Victor S. Woods, Esq. Thomas J. Prall, Esq.
Assistant Attorney General Weston, West Virginia
Charleston, West Virginia Attorney for the Appellant
Attorney for the Appellee
The Opinion of the Court was delivered PER CURIAM.
1. "Police officers may stop a vehicle to investigate if they have an articulable reasonable suspicion that the vehicle is subject to seizure or a person in the vehicle has committed, is committing, or is about to commit a crime. To the extend State v. Meadows, 170 W.Va. 191, 292 S.E.2d 50 (1982), holds otherwise, it is overruled." Syllabus Point 1, State v. Stuart, 192 W.Va. 428, 452 S.E.2d 886 (1994).
2. "When evaluating whether or not particular acts establish reasonable suspicion, one must examine the totality of the circumstances, which includes both the quantity and quality of the information known by the police." Syllabus Point 2, State v. Stuart, 192 W.Va. 428, 452 S.E.2d 886 (1994).
3. "A police officer may rely upon an anonymous call if subsequent police
work or other facts support its reliability and, thereby, it is sufficiently corroborated to justify
the investigatory stop under the reasonable-suspicion standard." Syllabus Point 4, State v.
Stuart, 192 W.Va. 428, 452 S.E.2d 886 (1994).
This is an appeal by Donald K. Bishop from an order of the Circuit Court of
Lewis County sentencing him to six months in the county jail and fining him $500.00 for
driving while his license was revoked for driving under the influence of alcohol. On appeal
the defendant claims that he was illegally stopped by a police officer prior to his arrest and
that the trial court erred in allowing the admission of evidence procured as a result of that
stop. After reviewing the issues raised and the documents filed we do not find that the stop
was improper or that the trial court erred in admitting evidence seized as a result of it. As
a consequence, the judgment of the Circuit Court of Lewis County is affirmed.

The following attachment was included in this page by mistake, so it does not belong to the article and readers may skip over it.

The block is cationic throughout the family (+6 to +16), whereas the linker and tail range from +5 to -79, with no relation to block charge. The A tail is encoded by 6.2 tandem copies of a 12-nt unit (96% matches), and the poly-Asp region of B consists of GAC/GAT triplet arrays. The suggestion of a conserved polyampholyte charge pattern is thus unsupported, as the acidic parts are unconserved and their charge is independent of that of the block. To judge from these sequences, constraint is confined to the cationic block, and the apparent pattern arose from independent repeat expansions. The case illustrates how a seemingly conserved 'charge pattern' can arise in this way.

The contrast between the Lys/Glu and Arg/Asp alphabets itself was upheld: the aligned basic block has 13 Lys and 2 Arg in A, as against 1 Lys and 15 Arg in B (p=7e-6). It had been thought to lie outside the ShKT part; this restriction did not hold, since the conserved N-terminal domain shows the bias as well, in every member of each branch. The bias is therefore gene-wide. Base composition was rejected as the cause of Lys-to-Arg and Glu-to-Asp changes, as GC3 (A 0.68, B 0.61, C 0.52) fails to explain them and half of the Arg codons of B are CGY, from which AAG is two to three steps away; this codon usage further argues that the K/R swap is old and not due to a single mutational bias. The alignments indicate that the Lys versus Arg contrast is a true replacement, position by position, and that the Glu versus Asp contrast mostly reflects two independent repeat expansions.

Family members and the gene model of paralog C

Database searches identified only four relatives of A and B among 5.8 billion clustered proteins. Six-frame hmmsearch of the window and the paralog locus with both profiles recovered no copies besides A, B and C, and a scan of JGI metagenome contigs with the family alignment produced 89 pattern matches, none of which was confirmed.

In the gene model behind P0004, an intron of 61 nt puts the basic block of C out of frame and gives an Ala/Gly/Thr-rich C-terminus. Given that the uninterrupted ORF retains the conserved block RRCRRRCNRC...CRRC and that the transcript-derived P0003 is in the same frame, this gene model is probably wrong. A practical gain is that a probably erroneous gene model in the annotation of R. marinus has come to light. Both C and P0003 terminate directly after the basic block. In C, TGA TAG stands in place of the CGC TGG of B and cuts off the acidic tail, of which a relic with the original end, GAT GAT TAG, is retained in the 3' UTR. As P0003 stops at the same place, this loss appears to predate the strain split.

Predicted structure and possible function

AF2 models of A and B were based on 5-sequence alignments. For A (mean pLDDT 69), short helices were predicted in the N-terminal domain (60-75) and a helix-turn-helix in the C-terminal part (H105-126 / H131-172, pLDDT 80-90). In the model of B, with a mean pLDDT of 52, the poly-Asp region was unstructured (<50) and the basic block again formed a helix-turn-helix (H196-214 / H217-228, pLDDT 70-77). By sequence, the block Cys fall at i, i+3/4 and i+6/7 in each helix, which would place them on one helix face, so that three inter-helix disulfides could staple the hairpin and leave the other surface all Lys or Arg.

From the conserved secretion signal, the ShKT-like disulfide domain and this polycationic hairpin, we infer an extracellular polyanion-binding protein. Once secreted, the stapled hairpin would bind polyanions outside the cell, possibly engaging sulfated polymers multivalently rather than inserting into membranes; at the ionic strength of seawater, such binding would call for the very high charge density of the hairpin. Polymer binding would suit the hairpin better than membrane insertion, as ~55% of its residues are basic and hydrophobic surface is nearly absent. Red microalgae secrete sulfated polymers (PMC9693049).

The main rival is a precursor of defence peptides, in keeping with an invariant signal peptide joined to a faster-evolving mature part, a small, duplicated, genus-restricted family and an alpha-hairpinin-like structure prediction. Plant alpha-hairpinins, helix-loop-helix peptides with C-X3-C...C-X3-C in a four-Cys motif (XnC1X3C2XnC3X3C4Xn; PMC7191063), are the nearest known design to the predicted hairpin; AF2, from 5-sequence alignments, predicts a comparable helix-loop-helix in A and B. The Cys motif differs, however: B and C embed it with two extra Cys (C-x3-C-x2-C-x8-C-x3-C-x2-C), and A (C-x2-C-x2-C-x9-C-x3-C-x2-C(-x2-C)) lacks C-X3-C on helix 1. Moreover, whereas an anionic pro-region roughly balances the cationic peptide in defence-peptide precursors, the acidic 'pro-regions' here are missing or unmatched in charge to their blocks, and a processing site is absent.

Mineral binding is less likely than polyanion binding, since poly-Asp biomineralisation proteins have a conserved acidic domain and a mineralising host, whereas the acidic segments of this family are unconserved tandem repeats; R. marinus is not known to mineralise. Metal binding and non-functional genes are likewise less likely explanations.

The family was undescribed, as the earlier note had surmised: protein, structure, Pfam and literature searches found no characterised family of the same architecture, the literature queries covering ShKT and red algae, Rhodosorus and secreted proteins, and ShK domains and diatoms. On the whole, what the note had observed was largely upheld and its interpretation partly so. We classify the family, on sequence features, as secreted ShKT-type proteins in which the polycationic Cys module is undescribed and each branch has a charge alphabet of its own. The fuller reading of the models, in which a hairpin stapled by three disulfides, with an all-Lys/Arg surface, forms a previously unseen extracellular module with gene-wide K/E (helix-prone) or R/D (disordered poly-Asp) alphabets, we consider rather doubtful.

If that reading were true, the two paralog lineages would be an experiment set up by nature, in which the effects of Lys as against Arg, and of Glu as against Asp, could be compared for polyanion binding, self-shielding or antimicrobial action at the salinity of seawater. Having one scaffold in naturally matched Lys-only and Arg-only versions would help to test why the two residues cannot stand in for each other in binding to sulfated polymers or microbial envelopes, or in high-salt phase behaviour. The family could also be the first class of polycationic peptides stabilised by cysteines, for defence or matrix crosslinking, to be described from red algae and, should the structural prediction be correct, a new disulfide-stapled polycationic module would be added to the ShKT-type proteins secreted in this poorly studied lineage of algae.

On November 19, 1995, Officer Randall Posey of the Weston Police
Department was informed by his dispatcher that the police had received an anonymous call
indicating that a "Bishop subject" was driving a small white car while intoxicated.
Officer Posey had talked with the defendant on numerous occasions on the
streets of Weston and on such occasions the defendant was intoxicated. After receiving the
dispatch relating to the "Bishop subject" driving while intoxicated, Officer Posey concluded
that the reference was to the defendant and began patrolling in the vicinity of the defendant's
While patrolling, Officer Posey spotted the defendant's white 1984 Chevrolet
Chevette heading southbound on Main Street in Weston. Both the Chevette and Officer
Posey came to a halt at a four-way stop and at that point the defendant and Officer Posey
exchanged eye contact. The defendant then turned right onto Fourth Street.
After the defendant made the turn Officer Posey made a "U" turn and activated
his blue flashing lights and began driving in the same direction as the defendant. By the time
Officer Posey caught up with the defendant, the defendant had pulled his car to the side of
the road, parked it, and was getting out.
Officer Posey approached the defendant and the defendant waived his hands
and said "What?" The defendant then leaned against his vehicle and folded his arms. At that
point Officer Posey could smell alcohol on the defendant's breath, and Officer Posey asked
the defendant if he knew why he was being pulled over. Officer Posey also requested to see
the defendant's drivers license, registration and proof of insurance. When the defendant was
unable to provide documentation, Officer Posey ran a license check using the defendant's
name and date of birth. The license check came back "revoked."
The defendant was subsequently charged with driving under the influence of
alcohol(DUI) and driving while his license was revoked for driving under the influence of
The case was initially tried in a magistrate court on January 18, 1996. In that
trial the defendant was found guilty of driving on a revoked license, but found not guilty of
driving while intoxicated. The defendant appealed his conviction to the Circuit Court of
Lewis County, and the circuit court conducted a trial de novo on March 7, 1996. At the